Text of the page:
Serving Christ as a Pollster

Andrew Hawkins 10 Sep 21

Like others who tread the rather obscure path to being a pollster, I became one by accident. Maths wasn’t particularly my strong point at school, and I certainly never wanted to be a market researcher of which polling is a sub-set (and which is, frankly, mostly super-dull).

My journey began with an obsessive interest in politics: it was while working as a lobbyist that I was appointed to troubleshoot a failing research unit which sparked my interest in how opinion shapes political decisions.

Helpfully, at around that time polling was given a huge boost by Tony Blair, whose 1997 administration changed the influence landscape forever by allowing focus groups to drive decisions. At the same time, organisations began to worry about what ‘stakeholders’ – a new word in the political lexicon at the time – thought about them.

The other big change was the internet, which smashed the old-fashioned supply chain of data collection (telephone and face-to-face), giving ComRes the opportunity of buying in online fieldwork faster and cheaper. Also, we could just do the fun bit: designing research and analysing the numbers into a meaningful context.

The polling industry today remains pretty small. There are just 26 company members of the UK’s British Polling Council, most of which you will never have heard of, and some are tiny.

However, polling has become an invaluable part of policy making and an essential tool for managing corporate reputation. The polling you see in newspapers, calculating vote share for political parties, probably accounts for less than 5% of a pollster’s business. The vast bulk is corporate, and just about every major company, charity, government, political party, and trade association will be using it to direct their corporate strategy and measure their impact. Energy firms will be tracking political sentiment towards them, for fear of being regulated out of existence. Governments and the huge sprawl of publicly funded agencies are even more concerned to stay on trend. They will be polling the public, MPs, councillors, customers, their neighbours, Uncle Tom Cobley, and all.

What difference does polling make? A lot. The skills that used to be deployed solely to hone messages that expanded consumer markets are now devoted to creating messages that communicate ideas and values.

And sometimes, of course, the stakes are extremely high. On abortion, for instance, the slogan ‘a woman’s right to choose’ is supremely powerful – such, in fact, that voters often will vigorously support the concept while agreeing that the rights of a mother do not outweigh the rights of the unborn. Political scientists call that ‘cognitive dissonance’.

I also discovered early on at ComRes that many secular campaigns (mis)used polling to push misleading claims about public opinion. One such example was the polling in the 2000s promoting a Parliamentary Bill to legalise assisted suicide. By asking bad questions about people’s faith, the views of Christians were widely misrepresented in an attempt to claim that even Christians supported something they clearly did not. It is vital on such issues to ensure that proponents don’t get away with misrepresenting the views of Christians, Muslims, Jews, or any other group which is widely misunderstood by the public square.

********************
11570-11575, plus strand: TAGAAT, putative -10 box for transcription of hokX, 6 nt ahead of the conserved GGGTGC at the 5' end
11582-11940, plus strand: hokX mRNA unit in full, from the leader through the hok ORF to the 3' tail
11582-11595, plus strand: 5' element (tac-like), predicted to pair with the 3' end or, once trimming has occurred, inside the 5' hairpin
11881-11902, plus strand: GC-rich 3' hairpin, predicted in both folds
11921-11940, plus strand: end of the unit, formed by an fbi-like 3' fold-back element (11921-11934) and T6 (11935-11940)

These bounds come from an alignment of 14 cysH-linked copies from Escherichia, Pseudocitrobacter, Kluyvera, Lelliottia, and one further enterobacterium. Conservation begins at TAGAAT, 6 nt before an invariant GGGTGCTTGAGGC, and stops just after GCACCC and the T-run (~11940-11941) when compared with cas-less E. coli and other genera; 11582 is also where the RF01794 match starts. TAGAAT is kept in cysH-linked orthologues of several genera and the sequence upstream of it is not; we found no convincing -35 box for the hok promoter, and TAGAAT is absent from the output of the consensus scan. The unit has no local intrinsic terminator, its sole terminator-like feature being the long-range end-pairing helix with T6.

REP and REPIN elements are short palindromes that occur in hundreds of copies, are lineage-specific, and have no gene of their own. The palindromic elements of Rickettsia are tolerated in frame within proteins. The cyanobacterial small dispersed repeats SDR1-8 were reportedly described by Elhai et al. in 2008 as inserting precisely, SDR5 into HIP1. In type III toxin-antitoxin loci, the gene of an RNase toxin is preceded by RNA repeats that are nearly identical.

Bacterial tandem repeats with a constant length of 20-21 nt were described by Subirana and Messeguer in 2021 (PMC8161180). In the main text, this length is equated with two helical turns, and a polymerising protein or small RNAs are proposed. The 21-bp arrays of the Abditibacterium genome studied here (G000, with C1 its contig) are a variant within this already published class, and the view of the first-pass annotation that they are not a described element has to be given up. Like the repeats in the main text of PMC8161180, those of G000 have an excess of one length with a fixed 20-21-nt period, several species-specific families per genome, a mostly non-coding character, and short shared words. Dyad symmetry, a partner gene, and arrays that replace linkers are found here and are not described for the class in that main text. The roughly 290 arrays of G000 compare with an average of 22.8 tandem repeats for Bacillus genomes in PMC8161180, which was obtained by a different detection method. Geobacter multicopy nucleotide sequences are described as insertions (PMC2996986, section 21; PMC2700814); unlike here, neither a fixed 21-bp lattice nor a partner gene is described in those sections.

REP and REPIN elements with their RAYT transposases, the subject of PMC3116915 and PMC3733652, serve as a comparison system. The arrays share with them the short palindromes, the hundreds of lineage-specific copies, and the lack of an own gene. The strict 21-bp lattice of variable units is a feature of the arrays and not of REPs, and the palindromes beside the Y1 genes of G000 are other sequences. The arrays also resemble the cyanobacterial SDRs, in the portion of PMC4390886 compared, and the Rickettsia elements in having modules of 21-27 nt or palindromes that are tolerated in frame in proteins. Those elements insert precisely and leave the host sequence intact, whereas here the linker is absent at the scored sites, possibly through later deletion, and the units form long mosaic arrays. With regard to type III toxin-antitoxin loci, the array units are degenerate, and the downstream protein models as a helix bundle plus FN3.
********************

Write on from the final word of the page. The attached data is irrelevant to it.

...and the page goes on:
Why do we need Christian pollsters? Here are six reasons.

  1. Integrity – the work of a pollster stands or falls on their ability to reveal the truth about an issue or a population. Moral relativists should automatically question whether polling is for them.
  2. To make a difference – biblical literacy levels are pitifully poor, and the world of polling mostly cannot understand the Christian mindset. More importantly, we need good people flooding every corner of the political establishment (lobbying, polling, advertising, social media, political parties, Parliament, the Civil Service, think tanks) or we cannot complain when public policy fails to promote the common good or bring glory to God.
  3. To enable more effective Christian engagement – even if you don’t work directly on faith-related clients, your skills and energy can be deployed for gospel work. One former colleague who worked on health clients served as a Board member of a prominent evangelical Christian organisation in order to make her polling skills available.
  4. To push back against prevailing values – without wishing to make sweeping generalisations, many of those working in polling, as in many other careers, have a post-modern, secular mindset. It is absolutely vital that Christians can get stuck into these workplaces. You really can make a profound difference there.
  5. It can be convivial and fun – especially if you love politics and find a role in a specialist polling firm. Politicos are a wonderfully friendly and interesting bunch.
  6. It can be a great political springboard – if you’re at all interested in keeping open the door to a career in politics, then polling is an excellent way of filling your contact book, giving you a personal profile, having something interesting to say, and being of genuine use to a political party.

Having left ComRes last year, would I make the same career choice again? You bet.

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